MSU scientist returns to community study on vultures, drawing on “citizen scientists”


Contact: Vanessa Beeson

A tagged vulture was sighted earlier this year at the Golden Triangle regional airport. Each label has a series of letters and numbers that Citizen Scientists are encouraged to bring back to researchers to help them with the study. (Photo by Adrián Naveda-Rodriguez)

STARKVILLE, Mississippi – A study conducted by the State of Mississippi using “citizen science” is entering its second year of collecting data that may ultimately provide solutions to vulture-aircraft collisions.

MSU College of Forest Resources associate professor Scott Rush said he plans to provide scientific recommendations from the analysis to alleviate this human-wildlife conflict, a common challenge for military pilots who encounter birds during take-off, landing or low-level flight. . The study is a partnership with Naval Air Station Meridian and Columbus Air Force Base, explained the researcher from the Department of Wildlife, Fisheries and Aquaculture.

Relying on reports from citizens who visually spot tagged vultures, Rush’s data collection was temporarily stifled during the pandemic, impacting the time local residents spent away from home. . Now calling citizen feedback “crucial” to the project, the MSU scientist needs “more citizens to contact us if they spot a tagged vulture.”

To report a sighting, call or email Rush at 662-325-0762 or [email protected] Please include date, time, location and tag number of vultures sighted. He said observers should report sightings even if they cannot read the tag number.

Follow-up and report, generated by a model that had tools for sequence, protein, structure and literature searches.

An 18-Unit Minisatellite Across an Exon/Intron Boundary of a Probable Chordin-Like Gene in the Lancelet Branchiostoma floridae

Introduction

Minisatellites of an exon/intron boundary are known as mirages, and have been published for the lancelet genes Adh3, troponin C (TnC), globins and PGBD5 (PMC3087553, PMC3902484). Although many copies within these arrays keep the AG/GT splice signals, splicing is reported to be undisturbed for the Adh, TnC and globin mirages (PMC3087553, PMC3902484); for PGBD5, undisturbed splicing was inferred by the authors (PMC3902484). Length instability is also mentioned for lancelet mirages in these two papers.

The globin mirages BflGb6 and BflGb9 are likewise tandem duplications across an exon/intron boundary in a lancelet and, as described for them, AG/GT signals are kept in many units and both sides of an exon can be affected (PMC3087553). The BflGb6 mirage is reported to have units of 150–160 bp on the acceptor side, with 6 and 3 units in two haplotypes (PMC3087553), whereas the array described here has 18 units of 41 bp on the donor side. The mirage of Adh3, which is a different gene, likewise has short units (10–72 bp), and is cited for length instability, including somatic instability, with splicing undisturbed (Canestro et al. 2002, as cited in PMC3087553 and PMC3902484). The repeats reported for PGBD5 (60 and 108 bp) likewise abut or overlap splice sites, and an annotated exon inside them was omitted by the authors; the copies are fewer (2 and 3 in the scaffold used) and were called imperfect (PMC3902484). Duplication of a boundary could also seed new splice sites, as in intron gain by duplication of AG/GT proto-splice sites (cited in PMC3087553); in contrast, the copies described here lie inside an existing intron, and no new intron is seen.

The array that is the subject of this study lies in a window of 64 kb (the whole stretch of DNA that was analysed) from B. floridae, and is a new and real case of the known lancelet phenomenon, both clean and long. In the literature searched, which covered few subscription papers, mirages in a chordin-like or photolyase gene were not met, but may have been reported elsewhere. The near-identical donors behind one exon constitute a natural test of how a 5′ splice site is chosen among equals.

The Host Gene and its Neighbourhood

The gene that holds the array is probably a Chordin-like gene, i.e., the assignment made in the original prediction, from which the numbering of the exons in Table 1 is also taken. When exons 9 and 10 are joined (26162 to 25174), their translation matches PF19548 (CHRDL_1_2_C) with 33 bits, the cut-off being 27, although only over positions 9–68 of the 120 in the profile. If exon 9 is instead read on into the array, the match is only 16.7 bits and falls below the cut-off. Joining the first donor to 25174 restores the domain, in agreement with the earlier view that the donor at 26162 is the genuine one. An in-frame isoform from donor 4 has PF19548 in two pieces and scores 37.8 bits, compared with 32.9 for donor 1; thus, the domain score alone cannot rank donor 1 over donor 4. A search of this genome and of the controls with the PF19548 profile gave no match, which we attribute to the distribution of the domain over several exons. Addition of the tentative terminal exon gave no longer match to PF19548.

“If it is possible for the observer to report how many other vultures the observed marked bird appeared with and their activity, such as foraging on roads, roosting, etc., this information is also excellent,” said said Rush, who also does research as part of the MSU Forest and Wildlife Research Center.

Rush and his team have tagged more than 200 birds, both turkeys and black vultures, in the areas around Meridian and the Golden Triangle. He explained how raptors have become more and more of a danger.

“Over the years we have seen an increase in collisions between airplanes and these birds, and it is of great concern when a conflict involves danger to human life, as well as expensive military planes,” Rush said.

“Most of the birds we tagged were caught in or around West Point. We have also tagged birds in Meridian. From information obtained from tagged birds, we know of frequent areas as far northwest as Memphis, Tennessee, and as far east as Birmingham, Alabama, although most of these remain within 30 miles from West Point or Meridian, ”he said.

Jim Copeland, Community Planning and Liaison Manager at NAS Meridian, has been involved with the project since its inception. He said tagged birds are already yielding benefits.

“In one case, as the county debated whether or not to allow a waste transfer station in the area where many jets are approaching NAS Meridian, maps showed concentrations of vultures on three sides of the river. proposed station. Since such a station would serve as an attraction for birds, the permit was not issued, ”he said.

Copeland said that while the team has good data on vultures in Lauderdale and Lowndes counties, there is a data gap in the middle, west of Scooba.

“We know there are vultures out there because we hit them at Joe Williams Field in Preston. We need to know more about birds, where they come from and where they go. If we learn where they are and why they are in that space, our jets can avoid them, ”he said.

NAS Meridian has financially supported Mississippi state research through a grant from the US offices of the Secretary of Defense and Economic Adjustment. Other partners include Lauderdale County and the Meridian Regional Airport.

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